During the joyous Jewish holiday of Shavuot, many special foods are eaten to commemorate the Zman Matan Torah—”the season of the giving of the Law.” The rabbis believed that the Torah was given on the day of Pentecost, fifty days after the second day of Passover. Never before had the Israelites had the Word of God written down to read and remember.
Shavuot reminds us to be thankful for God’s Word and to delight in it. As the Word is read, it should bring joy, sweetness and happiness. This is why we eat sweet dairy things like cheesecake or blintzes (crepes or pancakes with a sweet cheese filling inside) on Shavuot. These foods help us remember that “honey and milk (God’s Word) are under your tongue” (Song of Solomon 4:11).
As Shavuot falls in the spring, right around the time of the first harvest, people often decorate their homes and synagogues with fresh greens, flowering plants and floral arrangements. Children weave stems together to make flower crowns. All this is done to remember the thanksgiving offering brought to the Lord as thanks for providing the first harvest and provision after the winter. The Lord provided a written Word for His people to be better able to obey, and as an expression of gratitude, His people brought Him the first of the springtime harvest.
On Shavuot, most synagogues are open all night long for a special reading of the book of Ruth, one of the five megillot (scrolls, including the Song of Songs, Lamentations, Ecclesiastes and Esther, that are read on special holidays). The message is about a young woman who relied on the Lord to provide for her and her widowed mother-in-law’s basic needs. Ruth gleaned in the harvest fields as she hoped for her kinsman-redeemer to marry her. Although Ruth was not Jewish, she believed in the God of Israel and was rewarded for her faith. Shavuot shows us many examples of how the Lord provides for His people—in both practical and spiritual ways. As dawn approaches, you can find Jewish people walking home, having stayed up all night, ready for a little sleep and looking forward to a Shavuot brunch!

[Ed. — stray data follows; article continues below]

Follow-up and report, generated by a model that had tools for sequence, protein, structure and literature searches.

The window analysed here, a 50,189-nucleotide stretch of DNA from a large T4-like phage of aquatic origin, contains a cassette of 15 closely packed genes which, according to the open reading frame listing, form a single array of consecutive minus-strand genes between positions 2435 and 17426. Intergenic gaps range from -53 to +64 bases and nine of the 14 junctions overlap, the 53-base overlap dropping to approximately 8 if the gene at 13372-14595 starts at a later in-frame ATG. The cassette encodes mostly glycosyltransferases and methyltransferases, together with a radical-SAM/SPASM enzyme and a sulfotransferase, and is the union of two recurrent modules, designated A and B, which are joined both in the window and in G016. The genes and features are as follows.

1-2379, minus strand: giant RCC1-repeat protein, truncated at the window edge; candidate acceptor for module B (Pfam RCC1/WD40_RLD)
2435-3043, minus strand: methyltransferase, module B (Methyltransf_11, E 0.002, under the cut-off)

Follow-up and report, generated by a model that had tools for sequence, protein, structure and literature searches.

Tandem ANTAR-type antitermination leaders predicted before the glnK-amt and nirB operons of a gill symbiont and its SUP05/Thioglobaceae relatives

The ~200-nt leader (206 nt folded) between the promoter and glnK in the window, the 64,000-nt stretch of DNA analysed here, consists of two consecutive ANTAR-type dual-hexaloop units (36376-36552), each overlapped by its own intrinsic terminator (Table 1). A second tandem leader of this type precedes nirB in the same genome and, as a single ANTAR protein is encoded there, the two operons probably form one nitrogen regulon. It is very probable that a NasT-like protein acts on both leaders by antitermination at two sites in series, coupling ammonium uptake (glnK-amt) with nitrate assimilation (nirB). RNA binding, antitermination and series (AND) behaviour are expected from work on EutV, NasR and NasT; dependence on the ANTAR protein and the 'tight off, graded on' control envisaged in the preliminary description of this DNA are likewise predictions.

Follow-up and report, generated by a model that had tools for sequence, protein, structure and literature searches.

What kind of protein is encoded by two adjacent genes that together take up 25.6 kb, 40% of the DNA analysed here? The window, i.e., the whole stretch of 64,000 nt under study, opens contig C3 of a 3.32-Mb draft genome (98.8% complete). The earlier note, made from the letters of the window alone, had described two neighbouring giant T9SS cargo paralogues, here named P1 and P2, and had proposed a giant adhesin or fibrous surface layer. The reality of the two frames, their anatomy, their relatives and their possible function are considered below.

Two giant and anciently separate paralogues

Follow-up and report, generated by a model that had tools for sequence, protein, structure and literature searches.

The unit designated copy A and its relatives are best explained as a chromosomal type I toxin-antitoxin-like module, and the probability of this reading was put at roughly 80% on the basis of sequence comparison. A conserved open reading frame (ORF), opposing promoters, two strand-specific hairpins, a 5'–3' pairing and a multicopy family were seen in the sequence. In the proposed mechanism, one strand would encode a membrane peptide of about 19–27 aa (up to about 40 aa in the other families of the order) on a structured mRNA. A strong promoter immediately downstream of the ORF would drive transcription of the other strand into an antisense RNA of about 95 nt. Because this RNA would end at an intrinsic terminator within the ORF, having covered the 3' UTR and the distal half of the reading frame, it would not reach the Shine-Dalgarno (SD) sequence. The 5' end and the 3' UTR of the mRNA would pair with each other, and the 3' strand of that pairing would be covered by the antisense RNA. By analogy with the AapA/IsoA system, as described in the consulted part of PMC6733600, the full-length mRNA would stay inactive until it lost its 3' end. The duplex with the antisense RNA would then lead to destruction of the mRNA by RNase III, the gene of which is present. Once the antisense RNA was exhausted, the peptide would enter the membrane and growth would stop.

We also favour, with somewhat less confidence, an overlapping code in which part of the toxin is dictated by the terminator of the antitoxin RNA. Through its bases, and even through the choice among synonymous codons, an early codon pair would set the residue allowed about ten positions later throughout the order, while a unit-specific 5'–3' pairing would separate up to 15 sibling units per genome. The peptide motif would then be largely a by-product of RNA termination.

Ashkenazi Jews only eat dairy on Shavuot, but many Sephardic Jews from the Middle East, North Africa and Southern Europe eat dairy for brunch and a big meat meal later in the evening. Sephardic foods contain more punchy, zingy spices, couscous, chickpeas, eggplant and dried fruits such as apricots and dates. Below, we’ve shared a traditional Jewish Moroccan chicken recipe with dates, apricots, honey, cinnamon and a delicious hot/spicy taste. This dish can be made quickly and served over couscous or rice for an authentic Sephardic Shavuot evening meal. Enjoy!